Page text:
ICS TERMS AND ACRONYMS
- OT (Operational Technology) This term often refers to the use of hardware and software to monitor and control physical processes, devices, and infrastructure in industries such as manufacturing, energy, and transportation.
IoT (Internet of Things): A network of interconnected physical devices, objects, or “things” that are embedded with sensors, software, and connectivity, allowing them to collect and exchange data over the internet.
Sensor: A device that detects and measures physical or environmental characteristics, such as temperature, humidity, light, motion, or pressure, and converts this data into digital information.
Actuator: A device that takes digital signals from a controller or system and converts them into physical actions or adjustments, like opening a valve or turning on a motor.
Edge Computing: Processing data on or near the IoT device itself rather than sending all data to a centralized cloud server, which can reduce latency and bandwidth usage.
Gateway: A device or software component that connects IoT devices to a network, often serving as a bridge between the local network and the internet.
IoT Platform: A software or cloud-based system that provides the infrastructure and tools for managing, analyzing, and controlling IoT devices and data.
M2M (Machine-to-Machine): Communication between IoT devices or machines without human intervention, often used for data exchange or control.
Protocol: A set of rules and standards that govern how IoT devices communicate with each other and with networks. Examples include MQTT, CoAP, and HTTP.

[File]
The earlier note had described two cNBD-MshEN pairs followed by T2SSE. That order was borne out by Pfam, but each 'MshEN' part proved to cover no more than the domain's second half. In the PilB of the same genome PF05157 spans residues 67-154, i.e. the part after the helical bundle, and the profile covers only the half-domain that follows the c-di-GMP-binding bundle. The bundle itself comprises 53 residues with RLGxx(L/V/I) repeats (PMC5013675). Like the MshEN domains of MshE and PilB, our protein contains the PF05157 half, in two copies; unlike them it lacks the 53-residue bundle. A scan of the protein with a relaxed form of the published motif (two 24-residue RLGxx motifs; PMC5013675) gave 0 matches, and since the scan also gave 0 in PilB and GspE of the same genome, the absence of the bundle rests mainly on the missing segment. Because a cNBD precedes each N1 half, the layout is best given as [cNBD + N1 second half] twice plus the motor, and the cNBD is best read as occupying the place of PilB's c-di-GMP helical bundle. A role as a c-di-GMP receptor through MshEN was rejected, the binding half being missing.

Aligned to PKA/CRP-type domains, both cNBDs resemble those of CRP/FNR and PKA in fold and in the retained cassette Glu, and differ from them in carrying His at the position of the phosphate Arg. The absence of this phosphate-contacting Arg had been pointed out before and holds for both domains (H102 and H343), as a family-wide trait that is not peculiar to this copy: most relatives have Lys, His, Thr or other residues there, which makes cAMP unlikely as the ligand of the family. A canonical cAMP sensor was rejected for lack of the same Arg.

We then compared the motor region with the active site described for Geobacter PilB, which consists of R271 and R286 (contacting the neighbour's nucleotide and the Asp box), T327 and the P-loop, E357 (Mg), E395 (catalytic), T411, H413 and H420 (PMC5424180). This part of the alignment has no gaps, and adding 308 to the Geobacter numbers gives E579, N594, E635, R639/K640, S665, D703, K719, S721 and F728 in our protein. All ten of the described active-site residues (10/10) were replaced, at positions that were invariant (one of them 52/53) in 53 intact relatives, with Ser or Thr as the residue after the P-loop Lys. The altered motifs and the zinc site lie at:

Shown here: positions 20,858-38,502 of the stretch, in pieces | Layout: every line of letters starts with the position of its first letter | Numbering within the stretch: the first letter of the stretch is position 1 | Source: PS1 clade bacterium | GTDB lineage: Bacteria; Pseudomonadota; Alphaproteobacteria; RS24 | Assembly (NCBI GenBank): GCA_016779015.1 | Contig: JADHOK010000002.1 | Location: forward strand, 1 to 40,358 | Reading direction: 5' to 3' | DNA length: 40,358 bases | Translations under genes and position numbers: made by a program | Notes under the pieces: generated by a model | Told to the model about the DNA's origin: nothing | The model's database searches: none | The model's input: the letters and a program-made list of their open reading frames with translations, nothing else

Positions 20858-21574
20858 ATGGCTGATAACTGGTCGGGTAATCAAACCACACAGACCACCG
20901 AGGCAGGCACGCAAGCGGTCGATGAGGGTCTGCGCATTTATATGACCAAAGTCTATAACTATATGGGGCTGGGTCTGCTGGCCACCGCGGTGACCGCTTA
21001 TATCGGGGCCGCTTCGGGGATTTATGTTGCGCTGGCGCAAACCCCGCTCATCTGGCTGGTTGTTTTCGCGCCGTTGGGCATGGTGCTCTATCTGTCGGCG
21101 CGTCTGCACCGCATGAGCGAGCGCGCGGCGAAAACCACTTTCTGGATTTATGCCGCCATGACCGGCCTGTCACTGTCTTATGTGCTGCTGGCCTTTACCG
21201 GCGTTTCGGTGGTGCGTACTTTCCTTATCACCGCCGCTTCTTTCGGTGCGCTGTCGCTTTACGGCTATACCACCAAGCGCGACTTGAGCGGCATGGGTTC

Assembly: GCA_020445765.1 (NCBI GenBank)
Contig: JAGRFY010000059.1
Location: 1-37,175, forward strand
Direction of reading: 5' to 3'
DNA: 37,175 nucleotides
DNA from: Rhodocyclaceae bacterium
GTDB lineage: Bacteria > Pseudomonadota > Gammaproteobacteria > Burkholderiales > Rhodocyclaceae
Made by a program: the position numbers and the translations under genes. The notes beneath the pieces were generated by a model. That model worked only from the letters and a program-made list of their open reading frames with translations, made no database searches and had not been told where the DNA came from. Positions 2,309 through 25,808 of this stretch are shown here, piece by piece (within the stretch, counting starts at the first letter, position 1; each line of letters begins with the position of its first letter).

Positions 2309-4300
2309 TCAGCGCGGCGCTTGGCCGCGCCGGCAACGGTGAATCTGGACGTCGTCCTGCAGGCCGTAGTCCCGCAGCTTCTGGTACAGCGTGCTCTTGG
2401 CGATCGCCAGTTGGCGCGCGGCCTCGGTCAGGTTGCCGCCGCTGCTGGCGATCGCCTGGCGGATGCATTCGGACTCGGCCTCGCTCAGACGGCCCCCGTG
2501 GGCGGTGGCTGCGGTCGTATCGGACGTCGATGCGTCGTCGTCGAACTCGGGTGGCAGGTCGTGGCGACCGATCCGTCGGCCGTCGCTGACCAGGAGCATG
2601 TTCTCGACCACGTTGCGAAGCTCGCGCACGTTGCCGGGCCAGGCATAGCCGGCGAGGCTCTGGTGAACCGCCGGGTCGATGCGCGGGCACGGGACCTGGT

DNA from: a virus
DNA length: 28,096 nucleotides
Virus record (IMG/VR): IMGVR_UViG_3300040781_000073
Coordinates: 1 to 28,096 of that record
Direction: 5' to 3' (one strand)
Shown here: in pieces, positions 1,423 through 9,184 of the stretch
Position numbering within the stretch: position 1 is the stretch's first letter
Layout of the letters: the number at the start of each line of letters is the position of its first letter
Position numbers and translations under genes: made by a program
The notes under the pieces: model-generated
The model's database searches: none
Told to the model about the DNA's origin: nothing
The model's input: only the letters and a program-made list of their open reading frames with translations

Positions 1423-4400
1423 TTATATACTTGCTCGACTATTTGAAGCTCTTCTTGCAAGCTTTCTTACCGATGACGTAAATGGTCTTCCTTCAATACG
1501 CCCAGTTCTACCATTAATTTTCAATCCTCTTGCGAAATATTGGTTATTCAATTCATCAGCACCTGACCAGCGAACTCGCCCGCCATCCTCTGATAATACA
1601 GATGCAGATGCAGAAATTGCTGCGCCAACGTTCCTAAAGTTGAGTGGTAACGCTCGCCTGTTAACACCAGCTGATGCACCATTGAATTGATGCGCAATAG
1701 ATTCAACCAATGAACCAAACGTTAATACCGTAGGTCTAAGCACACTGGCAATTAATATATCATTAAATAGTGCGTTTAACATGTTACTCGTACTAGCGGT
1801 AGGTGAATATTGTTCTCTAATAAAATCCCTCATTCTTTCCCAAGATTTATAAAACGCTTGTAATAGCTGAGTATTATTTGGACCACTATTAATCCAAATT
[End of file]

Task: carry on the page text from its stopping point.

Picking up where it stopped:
IoT Ecosystem: The collection of interconnected components, including devices, platforms, and networks, that work together to enable IoT solutions.
Telemetry: The process of collecting and transmitting data from remote IoT devices for monitoring, analysis, or control.
Firmware: Software embedded in an IoT device’s hardware, responsible for controlling device functions and operations.
API (Application Programming Interface): A set of rules and protocols that allows different software applications or devices to communicate with each other.
Cloud Computing: Storing and processing data in remote servers (the cloud) rather than on local devices, often used in IoT for data storage and analysis.
Big Data: Large volumes of data generated by IoT devices that require specialized tools and technologies for storage, processing, and analysis.
IoT Security: Measures and practices designed to protect IoT devices and data from unauthorized access, tampering, and breaches.
Machine Learning: A subset of artificial intelligence (AI) that allows IoT systems to learn and make predictions or decisions based on data without explicit programming.
OTA (Over-the-Air) Updates: The ability to update IoT device software remotely, ensuring security patches and feature enhancements can be delivered without physical access to the device.
Zigbee: A wireless communication protocol commonly used in IoT for short-range, low-power, and low-data-rate applications.
LoRa (Long-Range): A low-power wide-area network (LPWAN) technology designed for long-range communication in IoT applications.
5G: The fifth generation of mobile networking technology, which promises faster and more reliable connectivity for IoT devices.
Smart Home: A residential IoT ecosystem that includes devices like smart thermostats, lighting, security cameras, and appliances for automation and control.
Smart City: The application of IoT and digital technologies to improve the efficiency and quality of urban services, including transportation, energy, and public safety.
Asset Tracking: Using IoT devices to monitor the location and condition of assets, such as vehicles, inventory, or equipment.
Predictive Maintenance: Using IoT data and analytics to predict when equipment or machinery is likely to fail, enabling proactive maintenance.
Digital Twin: A virtual representation of a physical object or system, created and maintained with real-time data from IoT devices, for simulation and analysis.